We have calculated 5,000 stochastic simulations of the Pension Protection Act of 2006 (PPA) yield curve, assuming current funding laws remain in place throughout this calculation and using Milliman’s capital market assumptions. The table below shows the results for the next four years showing the 50th percentile of the 24-month average rates (assuming a calendar-year plan with no look back period), and a range using the 5th and 95th percentile rates as endpoints for 2015-2018.

Year |
2015 |
2016 |
2017 |
2018 |

First Segment Rate |
1.22% |
1.48%(0.94%-2.11%) |
1.89%(0.46%-3.71%) |
2.30%(0.16%-5.11%) |

Second Segment Rate |
4.11% |
3.94%(3.49%-4.42%) |
4.04%(2.81%-5.37%) |
4.36%(2.55%-6.50%) |

Third Segment Rate |
5.20% |
4.96%(4.56%-5.37%) |
5.04%(3.98%-6.17%) |
5.40%(3.86%-7.08%) |

As the table indicates, short term interest rates are projected to rise over the next several years, perhaps as much as over 100 basis points. Mid-term and long term rates are projected to initially fall and then rise about 20 to 25 basis points over the next several years. As such, the effective interest rate on this basis would rise by about 25 basis points depending on the plan’s payout streams.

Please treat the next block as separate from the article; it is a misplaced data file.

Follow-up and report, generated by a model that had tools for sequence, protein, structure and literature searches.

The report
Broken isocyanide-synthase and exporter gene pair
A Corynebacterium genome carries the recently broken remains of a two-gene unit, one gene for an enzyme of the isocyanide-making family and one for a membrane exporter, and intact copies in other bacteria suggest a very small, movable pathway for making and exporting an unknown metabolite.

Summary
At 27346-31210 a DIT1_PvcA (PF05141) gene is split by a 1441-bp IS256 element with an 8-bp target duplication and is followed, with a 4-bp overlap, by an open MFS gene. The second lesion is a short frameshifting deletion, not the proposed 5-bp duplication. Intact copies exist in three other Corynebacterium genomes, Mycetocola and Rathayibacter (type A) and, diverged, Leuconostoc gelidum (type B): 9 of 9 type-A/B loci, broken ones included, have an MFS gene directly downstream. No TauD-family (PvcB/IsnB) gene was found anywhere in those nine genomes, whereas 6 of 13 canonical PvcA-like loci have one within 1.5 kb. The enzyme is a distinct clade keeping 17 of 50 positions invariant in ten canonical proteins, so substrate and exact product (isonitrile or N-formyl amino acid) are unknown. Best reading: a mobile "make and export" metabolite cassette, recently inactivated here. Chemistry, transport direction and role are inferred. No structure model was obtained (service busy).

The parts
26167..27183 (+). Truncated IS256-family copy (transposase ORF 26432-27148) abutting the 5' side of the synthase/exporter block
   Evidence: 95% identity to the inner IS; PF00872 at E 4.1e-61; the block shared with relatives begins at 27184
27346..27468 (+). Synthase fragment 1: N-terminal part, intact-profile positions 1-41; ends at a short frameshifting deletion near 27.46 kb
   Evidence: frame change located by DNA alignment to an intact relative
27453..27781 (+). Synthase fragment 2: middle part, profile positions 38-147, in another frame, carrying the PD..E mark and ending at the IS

Next, the following chart provides the 50th percentile of the stochastic simulations of the low end of the HATFA rates through the 2018 plan year, and a range using the 5th and 95th percentile rates as endpoints for each segment for 2015-2018. As a reminder, the segment rate to use when calculating liabilities is the greater of the 24-month average rate and the low-end HATFA corridor rate. Therefore, if the HATFA rate is lower than the 24-month average rate, the 24-month average rate will be used in the stochastic simulation.

Year |
2015 |
2016 |
2017 |
2018 |

First Segment Rate |
4.72% |
4.43%(4.43%-4.44%) |
4.16%(4.13%-4.19%) |
3.71%(3.63%-5.10%) |

Second Segment Rate |
6.11% |
5.91%(5.91%-5.91%) |
5.72%(5.70%-5.74%) |
5.23%(5.16%-6.50%) |

Third Segment Rate |
6.81% |
6.65%(6.65%-6.65%) |
6.48%(6.46%-6.50%) |
5.96%(5.90%-7.08%) |